Archive for the ‘Google’ Category

Google breaks through “book under glass”

February 5, 2016

Google breaks through “book under glass”

One of the knocks on e-books, from some people, is that they really haven’t taken advantage of their own technology.

Certainly, in the beginning, the marketing was about how much like a paperbook (p-book) they could be. After all, p-books have been an incredibly successful and satisfying technology. They have changed over time (popular paperbacks, as we know them, haven’t been around for a hundred years yet), but if I take one of my hardback original Oz books over the shelf, which is more than a century old, it feels and operates very much like a hardback you could buy today.

Why mess with near perfection?

Well…

Many of us already like some features in e-books that aren’t part of p-books.

A big one for me is the ability to increase the font size. Like a lot of folks, my vision isn’t what it used to be.

The in situ dictionary is also very popular.

However,

Enhanced Kindle Books (at AmazonSmile: benefit a non-profit of your choice by shopping*)

just haven’t taken over.

Some of them sell pretty well…there’s a yoga book, for example, that is a bestseller.

Still, I keep reading pieces by writers wondering when we will move away from the “book under glass”.

The time…is now. 🙂

It’s just beginning, but Google has announced an “experiment in unprintable books”…and you can try a sample now (in addition to buying them).

Editions at Play

I tested a sample on my now discontinued Kindle Fire HDX tablet…and it worked. 🙂

One of the things that I do think is cool about this is that they are trying different things.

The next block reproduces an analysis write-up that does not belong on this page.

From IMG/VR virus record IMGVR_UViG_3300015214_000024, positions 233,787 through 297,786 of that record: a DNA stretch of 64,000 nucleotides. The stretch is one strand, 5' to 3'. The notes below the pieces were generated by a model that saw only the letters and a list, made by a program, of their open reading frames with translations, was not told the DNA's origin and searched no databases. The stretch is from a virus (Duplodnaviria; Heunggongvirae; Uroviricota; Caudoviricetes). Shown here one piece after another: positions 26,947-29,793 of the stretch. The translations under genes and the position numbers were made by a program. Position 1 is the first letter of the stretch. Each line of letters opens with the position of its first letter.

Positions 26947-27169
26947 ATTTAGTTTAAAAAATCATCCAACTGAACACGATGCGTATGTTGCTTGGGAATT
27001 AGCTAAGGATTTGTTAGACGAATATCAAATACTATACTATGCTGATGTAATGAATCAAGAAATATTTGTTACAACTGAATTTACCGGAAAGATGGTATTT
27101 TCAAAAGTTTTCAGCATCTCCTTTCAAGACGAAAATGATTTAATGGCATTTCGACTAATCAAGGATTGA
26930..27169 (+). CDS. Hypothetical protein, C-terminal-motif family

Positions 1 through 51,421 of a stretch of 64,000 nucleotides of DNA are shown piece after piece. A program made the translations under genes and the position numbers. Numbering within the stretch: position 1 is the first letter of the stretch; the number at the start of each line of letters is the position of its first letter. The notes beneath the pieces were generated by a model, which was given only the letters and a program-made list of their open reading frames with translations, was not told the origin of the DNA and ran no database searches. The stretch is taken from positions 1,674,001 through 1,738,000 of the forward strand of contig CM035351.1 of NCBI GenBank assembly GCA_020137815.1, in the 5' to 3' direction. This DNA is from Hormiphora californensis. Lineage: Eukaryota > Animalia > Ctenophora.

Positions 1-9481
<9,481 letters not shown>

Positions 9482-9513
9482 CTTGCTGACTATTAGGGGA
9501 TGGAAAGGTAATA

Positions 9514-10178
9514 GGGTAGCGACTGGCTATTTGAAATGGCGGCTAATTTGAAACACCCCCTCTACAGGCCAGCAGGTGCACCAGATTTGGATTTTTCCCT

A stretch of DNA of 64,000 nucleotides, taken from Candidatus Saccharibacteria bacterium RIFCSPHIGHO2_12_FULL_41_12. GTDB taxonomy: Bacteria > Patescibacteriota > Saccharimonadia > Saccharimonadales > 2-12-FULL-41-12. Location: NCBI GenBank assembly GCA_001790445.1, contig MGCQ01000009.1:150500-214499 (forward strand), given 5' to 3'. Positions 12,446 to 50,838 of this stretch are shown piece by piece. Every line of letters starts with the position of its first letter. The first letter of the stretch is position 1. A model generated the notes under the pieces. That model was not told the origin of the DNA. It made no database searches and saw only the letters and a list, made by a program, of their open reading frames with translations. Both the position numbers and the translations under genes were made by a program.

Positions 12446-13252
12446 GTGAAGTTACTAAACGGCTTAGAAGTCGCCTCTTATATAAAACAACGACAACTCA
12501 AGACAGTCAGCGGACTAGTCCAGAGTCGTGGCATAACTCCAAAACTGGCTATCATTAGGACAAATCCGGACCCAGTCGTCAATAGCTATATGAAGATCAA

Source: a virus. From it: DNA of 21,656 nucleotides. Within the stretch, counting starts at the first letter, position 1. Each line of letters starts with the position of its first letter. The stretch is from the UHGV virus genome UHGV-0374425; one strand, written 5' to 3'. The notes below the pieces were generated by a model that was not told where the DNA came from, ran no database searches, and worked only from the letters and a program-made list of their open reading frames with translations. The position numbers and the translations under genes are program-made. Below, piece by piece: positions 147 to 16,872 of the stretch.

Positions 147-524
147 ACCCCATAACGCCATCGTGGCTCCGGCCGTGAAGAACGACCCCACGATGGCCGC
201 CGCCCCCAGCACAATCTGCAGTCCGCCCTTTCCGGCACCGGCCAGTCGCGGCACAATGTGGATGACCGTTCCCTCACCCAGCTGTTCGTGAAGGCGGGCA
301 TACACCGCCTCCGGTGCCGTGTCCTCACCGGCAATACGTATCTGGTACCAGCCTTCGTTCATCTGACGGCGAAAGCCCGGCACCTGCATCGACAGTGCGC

The one I tried, Entrances & Exits by Reif Larson, shows you explorable Google street view maps of locations.

Did it still feel like a book?

Sure, there was a page of text…that’s one of Google’s few requirements, that they have pages.

When I went to the street view part, though, it didn’t feel integrated to me.

In another book, you can take sides…read the same story from two different viewpoints.

There are other ideas for books, and others that are coming soon. In one of them, the book deals with someone with memory issues…and the text will in some way erode to reflect that.

What might be the most fun for my readers is that you can submit ideas for books by tweeting

https://twitter.com/editionsatplay

They are careful to say that this is not intended to replace books under glass…it’s another format, certainly.

Overall, I think it’s fascinating…and intriguing that Google got there before Amazon.

I guess that makes sense…Google is known for being experimental, and if Amazon did something, people would expect it to be a real consumer product when it debuted.

By the way, this is Google Australia, but I don’t think that matters much in this case…I’m in America, and i could get a sample and presumably purchase it. There’s also another company involved, Visual Editions.

I’d be interested in what you think about it. There is a presentation here: